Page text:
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Foolproof Southern Biscuit Recipe


Southern biscuits in a pan
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3.97 from 55 votes
There are many recipes out there for Southern biscuits with countless variations on the ingredients and techniques, and not surprisingly, controversy and nonsense abound over how to make them. My take on classic buttermilk biscuits are special in that they are really easy to make and get nice and crisp on the top and bottom, yet the center remains soft and fluffy.

Course:
Bread
,
Dinner
,
Lunch
,
Side Dish
Cuisine:
American
,
Southern

Makes:

Servings: 9 biscuits

Takes:

Prep Time: 30 minutes
Cook Time: 20 minutes

Ingredients

  • 10 ounces all purpose flour (284 grams/2 cups)
  • 2 tablespoons baking powder
  • 1/2 teaspoon baking soda
  • 2 tablespoons sugar
  • 1/2 teaspoon Mortons coarse kosher salt
  • 8 tablespoons unsalted butter, frozen (1 stick)
  • 1 cup buttermilk (or substitute, below)
Notes:
About the salt. Remember, kosher salt is half the concentration of table salt so if you use table salt, use half as much. Click here to read more about salt and how it works.
About the flour. All the experts warn not to use bread flour. I have not tested this warning but am willing to accept such universal condemnation as the additional protein in the flour would create chewy biscuits.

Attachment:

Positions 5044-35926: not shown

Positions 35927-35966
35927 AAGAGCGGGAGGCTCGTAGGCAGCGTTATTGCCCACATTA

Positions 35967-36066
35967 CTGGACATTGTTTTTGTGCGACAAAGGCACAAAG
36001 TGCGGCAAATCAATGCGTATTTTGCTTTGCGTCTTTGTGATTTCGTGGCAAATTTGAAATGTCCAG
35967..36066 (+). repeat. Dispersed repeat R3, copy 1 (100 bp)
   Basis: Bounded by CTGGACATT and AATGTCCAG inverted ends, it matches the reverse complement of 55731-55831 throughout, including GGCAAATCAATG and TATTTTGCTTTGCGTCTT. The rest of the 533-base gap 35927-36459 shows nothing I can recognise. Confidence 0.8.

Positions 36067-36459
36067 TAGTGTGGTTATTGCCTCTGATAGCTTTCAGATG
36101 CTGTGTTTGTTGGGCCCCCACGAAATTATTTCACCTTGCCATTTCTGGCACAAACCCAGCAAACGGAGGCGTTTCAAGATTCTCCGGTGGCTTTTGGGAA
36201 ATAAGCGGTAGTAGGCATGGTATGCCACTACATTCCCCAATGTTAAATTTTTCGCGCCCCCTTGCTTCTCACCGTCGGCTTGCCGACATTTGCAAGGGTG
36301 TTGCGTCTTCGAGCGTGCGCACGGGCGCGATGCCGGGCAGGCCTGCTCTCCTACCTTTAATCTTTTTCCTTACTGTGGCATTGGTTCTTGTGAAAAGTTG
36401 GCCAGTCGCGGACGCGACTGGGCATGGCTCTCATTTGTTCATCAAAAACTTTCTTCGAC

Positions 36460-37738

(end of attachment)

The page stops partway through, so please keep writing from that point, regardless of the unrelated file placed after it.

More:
About the buttermilk and how to substitute. Most biscuits are made with buttermilk because it is acidic and the acid reacts with the baking soda to create carbon dioxide and that gives the dough "lift", helping it rise and add airiness and lightness since there is no yeast involved for fermentation (see the sidebar). But most of us don't keep buttermilk on hand. To make a cup of buttermilk substitute, pour one tablespoon of white vinegar or lemon juice into a measuring cup and top it off with milk until it measures one cup. Stir them together and let them sit for five minutes. Here's another hack: whisk together half a cup of sour cream and half a cup of water. Yet another hack: take 2/3 cup heavy cream and 1/3 cup sour cream and beat them til fluffy.
 
Metric conversion:

These recipes were created in US Customary measurements and the conversion to metric is being done by calculations. They should be accurate, but it is possible there could be an error. If you find one, please let us know in the comments at the bottom of the page

Method

  • Prep. Toss the butter in the freezer an hour or so before cooking.
  • With a fork, mix the flour, baking powder, baking soda, sugar, and salt in a medium bowl.
  • Divide the butter into a 5 tablespoons hunk and a 3 tablespoons hunk. Keep the paper on the 5 ounce chunk so you can hold it without melting it all over your hands. Roll the paper back and grate the 5 ounce chunk with the large holes on a box grater right onto the baking sheet, then mix it into the flour with a fork, a handful at a time, until all the grated butter is coated. This is a brilliant trick that I discovered reading every recipe I could find. So fast and easy.